The Young Adult Library Services Association hopes to attract more teens to their local libraries with an approach deeply rooted in social media and digital content. Could it help to transform them from quiet study hubs to thriving digital spaces?
There once was a time when libraries frowned upon people using their mobile devices there. But now, they’re turning into digital-friendly spaces that encourage BYOD.
I would never want a teenager to pull down content after it’s posted.
In recent months, the Young Adult Library Services Association (YALSA), a national organization made up of librarians and advocates dedicated to strengthening services for teens, has created a platform for brainstorming about how to integrate digital and social media learning spaces among the book collections.
In a month-long discussion series sponsored by the YALSA and the online-learning network Connected Learning, Chicago-based YOUMedia worked to start a conversation about how to better engage teens in libraries through social media learning spaces. These conversations took place on a number of social media outlets, including Twitter, Google+, and Livestream, reports the tech- and library-centric site The Digital Shift.
Among the ideas that emerged:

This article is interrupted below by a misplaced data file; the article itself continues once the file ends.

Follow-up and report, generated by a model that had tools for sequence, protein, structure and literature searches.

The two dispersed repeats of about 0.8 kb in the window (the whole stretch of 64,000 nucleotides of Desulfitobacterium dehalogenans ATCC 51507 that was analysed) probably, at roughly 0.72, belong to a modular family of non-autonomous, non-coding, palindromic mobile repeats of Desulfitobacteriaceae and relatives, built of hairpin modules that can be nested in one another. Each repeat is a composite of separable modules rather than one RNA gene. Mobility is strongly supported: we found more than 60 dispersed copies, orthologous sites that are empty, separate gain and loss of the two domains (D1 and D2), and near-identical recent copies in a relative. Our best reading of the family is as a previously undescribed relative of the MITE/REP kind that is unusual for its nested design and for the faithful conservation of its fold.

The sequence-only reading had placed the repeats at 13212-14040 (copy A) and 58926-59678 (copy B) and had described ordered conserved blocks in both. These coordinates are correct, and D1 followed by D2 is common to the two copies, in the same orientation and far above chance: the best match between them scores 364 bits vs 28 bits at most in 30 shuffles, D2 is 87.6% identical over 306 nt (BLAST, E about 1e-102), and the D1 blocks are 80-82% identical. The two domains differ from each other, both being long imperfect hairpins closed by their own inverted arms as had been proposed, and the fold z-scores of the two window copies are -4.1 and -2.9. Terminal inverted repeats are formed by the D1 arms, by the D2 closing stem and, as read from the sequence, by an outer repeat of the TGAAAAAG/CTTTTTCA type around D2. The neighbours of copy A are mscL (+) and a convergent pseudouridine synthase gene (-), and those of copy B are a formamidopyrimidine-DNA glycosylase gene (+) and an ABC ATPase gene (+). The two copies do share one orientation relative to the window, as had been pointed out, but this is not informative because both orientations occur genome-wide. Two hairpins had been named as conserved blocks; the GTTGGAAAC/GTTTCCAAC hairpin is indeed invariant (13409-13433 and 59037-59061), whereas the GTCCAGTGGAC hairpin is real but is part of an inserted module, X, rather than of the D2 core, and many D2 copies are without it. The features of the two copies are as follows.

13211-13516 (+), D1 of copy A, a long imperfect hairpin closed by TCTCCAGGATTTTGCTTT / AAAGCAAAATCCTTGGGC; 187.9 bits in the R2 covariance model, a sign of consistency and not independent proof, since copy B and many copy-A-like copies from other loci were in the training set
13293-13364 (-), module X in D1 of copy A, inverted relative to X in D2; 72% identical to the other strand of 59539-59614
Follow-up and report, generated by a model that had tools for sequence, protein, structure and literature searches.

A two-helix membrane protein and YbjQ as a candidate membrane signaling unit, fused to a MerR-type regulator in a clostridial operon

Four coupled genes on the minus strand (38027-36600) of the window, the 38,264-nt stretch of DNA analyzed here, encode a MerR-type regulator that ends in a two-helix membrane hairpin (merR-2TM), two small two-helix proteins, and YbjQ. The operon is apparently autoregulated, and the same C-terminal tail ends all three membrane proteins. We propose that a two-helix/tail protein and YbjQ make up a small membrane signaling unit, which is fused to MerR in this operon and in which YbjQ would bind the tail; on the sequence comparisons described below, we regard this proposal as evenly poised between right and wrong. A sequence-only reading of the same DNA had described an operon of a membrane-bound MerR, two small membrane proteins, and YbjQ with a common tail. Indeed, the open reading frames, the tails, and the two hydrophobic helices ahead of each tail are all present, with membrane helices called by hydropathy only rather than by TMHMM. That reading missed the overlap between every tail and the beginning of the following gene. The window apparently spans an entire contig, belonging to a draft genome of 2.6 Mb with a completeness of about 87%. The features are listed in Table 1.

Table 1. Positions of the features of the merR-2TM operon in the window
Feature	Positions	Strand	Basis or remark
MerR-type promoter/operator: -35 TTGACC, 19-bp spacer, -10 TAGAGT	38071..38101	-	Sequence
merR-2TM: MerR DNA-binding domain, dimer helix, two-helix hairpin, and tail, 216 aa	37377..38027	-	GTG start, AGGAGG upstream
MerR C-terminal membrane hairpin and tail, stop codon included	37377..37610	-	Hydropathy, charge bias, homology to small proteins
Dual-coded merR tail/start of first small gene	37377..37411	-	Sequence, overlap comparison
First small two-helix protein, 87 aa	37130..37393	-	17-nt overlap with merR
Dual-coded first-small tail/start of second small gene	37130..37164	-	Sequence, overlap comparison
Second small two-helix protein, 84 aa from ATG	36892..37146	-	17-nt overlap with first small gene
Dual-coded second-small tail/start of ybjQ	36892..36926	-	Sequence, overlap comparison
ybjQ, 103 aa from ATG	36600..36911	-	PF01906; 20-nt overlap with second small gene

Creating designated learning spaces: The future of libraries relies on building designated learning spaces, like the five YOUMedia spaces in Chicago public libraries, that foster digital content production and social interaction among teens. The YOUMedia spaces aim to provide teens with content production tools that “allow them to stretch their imaginations and their digital media skills.”
Establishing media literacy: Encouraging teens to get creative with social media is only half of the learning needed; media literacy is the other half. Chris Shoemaker, director of the Free Reading Room in Rye, New York, works closely with students to increase their understanding of policies on privacy and fair use. He believes that stronger media literacy will help teens learn ways to build an identity online. Shoemaker also helps them revise their posts before they share them. “I would never want a teenager to pull down content after it’s posted,” he told The Digital Shift.
The cool factor: The efforts by YALSA and YOUMedia focus on social media and digital learning, but as part of a bigger goal: making libraries appeal to the cool kids. “Brother Mike” Hawkins, associate director of YOUMedia, believes that encouraging teens to post status updates and pictures of themselves at the library will spark conversation among their friends and bring more teens to their local branches. He told The Digital Shift that “if [students] see something cool, and they see a place where adults care about them…they’re going to promote it more than we ever could.”
Building a platform for digital learning and media literacy has applications beyond teens and libraries. How is your association encouraging digital creativity?